What Will A Reconstructed Notre Dame Look Like? The Answer Is Up For Debate
Notre Dame Cathedral may have been saved from the flames on April 15, but the medieval monument is still in grave danger of collapsing, according to French culture minister Franck Riester. The site was closed for three weeks over the summer for lead pollution cleanup, and now workers are racing the clock to stabilize the structure and clear remaining rubble so that reconstruction can begin.
On the day of the fire, President Emmanuel Macron made a hopeful declaration that the Paris landmark would be restored and open to the public within five years, an ambitious goal in view of the French capital hosting the 2024 Summer Olympics.
But what exactly will a reconstructed and restored Notre Dame look like? That's still a matter of debate.
Days after the fire ripped through the 850-year-old cathedral, destroying its spire and roof, Prime Minister Édouard Philippe announced an international architecture competition. The competition, Philippe said, would determine whether the spire should be reconstructed — and if so, whether it would replicate the 19th century design by French architect Eugène Emmanuel Viollet-le-Duc or be something more modern.
Architects from around the world flooded Instagram and Twitter with their visions of a new Notre Dame. There were glass roofs, slick spirals and Disney-esque castle towers. Architects in Stockholm suggested turning the cathedral's rooftop into a giant swimming pool.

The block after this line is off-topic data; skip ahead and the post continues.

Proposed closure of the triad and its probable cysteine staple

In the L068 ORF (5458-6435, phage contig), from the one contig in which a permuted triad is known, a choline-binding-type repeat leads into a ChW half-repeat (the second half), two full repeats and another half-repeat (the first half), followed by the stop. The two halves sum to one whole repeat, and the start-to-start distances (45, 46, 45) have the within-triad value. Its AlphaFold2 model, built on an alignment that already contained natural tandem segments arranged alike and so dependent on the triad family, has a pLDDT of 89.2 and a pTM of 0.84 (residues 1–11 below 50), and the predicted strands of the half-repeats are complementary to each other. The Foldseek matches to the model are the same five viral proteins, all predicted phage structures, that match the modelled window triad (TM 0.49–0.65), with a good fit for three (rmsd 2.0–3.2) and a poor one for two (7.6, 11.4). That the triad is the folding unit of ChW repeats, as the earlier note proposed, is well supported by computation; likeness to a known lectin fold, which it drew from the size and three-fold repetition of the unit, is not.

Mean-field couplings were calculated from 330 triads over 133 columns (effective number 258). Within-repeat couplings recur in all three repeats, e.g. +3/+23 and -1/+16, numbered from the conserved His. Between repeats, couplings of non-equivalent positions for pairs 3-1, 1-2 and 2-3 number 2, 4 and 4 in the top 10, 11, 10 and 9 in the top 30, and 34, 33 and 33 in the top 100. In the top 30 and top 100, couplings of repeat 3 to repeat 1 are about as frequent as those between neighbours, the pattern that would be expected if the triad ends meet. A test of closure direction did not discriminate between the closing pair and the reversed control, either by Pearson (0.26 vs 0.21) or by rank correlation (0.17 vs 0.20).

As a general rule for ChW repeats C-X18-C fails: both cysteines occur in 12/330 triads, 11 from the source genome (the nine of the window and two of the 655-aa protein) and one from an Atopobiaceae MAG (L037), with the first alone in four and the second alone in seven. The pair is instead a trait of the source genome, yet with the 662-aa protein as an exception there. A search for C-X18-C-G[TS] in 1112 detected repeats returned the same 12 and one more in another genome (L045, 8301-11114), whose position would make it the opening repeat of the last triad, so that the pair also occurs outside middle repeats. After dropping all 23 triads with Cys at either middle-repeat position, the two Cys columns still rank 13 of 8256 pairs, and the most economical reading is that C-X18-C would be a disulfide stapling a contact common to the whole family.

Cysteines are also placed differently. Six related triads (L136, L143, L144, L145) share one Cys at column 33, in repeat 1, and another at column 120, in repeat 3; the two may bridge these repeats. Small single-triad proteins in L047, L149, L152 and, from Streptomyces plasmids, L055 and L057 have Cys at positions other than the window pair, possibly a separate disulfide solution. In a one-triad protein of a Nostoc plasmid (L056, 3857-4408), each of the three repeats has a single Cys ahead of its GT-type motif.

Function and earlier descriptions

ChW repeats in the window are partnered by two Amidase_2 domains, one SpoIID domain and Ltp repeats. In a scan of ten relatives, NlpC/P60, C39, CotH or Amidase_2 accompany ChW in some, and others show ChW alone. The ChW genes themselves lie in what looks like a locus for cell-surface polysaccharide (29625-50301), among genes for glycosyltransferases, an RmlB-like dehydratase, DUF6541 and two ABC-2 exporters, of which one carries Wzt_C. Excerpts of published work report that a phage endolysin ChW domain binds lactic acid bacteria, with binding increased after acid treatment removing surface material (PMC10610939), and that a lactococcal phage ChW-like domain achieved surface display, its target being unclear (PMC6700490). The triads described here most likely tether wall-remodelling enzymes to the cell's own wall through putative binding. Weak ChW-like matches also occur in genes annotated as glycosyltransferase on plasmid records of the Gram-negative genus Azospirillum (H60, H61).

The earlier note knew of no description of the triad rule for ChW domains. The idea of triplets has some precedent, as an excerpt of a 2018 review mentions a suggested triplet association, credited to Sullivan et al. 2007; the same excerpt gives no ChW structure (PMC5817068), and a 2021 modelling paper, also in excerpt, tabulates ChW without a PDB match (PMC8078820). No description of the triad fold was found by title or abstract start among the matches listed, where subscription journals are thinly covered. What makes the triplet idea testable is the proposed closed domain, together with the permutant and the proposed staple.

But if you ask the French, 55% say they want the cathedral to be restored exactly as it was before, according to a poll by Odoxa-Dentsu.
In June, clergy put on their vestments and hardhats to celebrate the first Mass in Notre Dame after the fire. The service was closed to the public, but spectators still gathered at police barriers outside the cathedral.
Elodie Cuenca came from Versailles to see the damage with her own eyes. She is ambivalent about drastically changing the aesthetic of Notre Dame, a symbol of Paris and "one of the best masterpieces of architecture and all the craftsman skills," she said. "We should consider the times we're living in, but maybe we shouldn't make a mix with modern architecture, to respect the past."
Parisian Karl Garzuel is also wary of drastic change and worries that adding new architectural features might change the spirit of Notre Dame.
"I think we could rebuild at least the major part of the structure to be identical to before and maybe add a touch of modernity, without taking away the character of the building," he said.
Jacques Marilleau, another onlooker during the June Mass, was in tears. He found it "insulting" that the government had announced an international competition so soon after the fire and that architects were already publicizing illustrations of their ideas.
"I'm very cautious about a new project," he said. "I'm not against a new project, on the condition it's supported by many experts and the public is informed of all the cultural sources and references."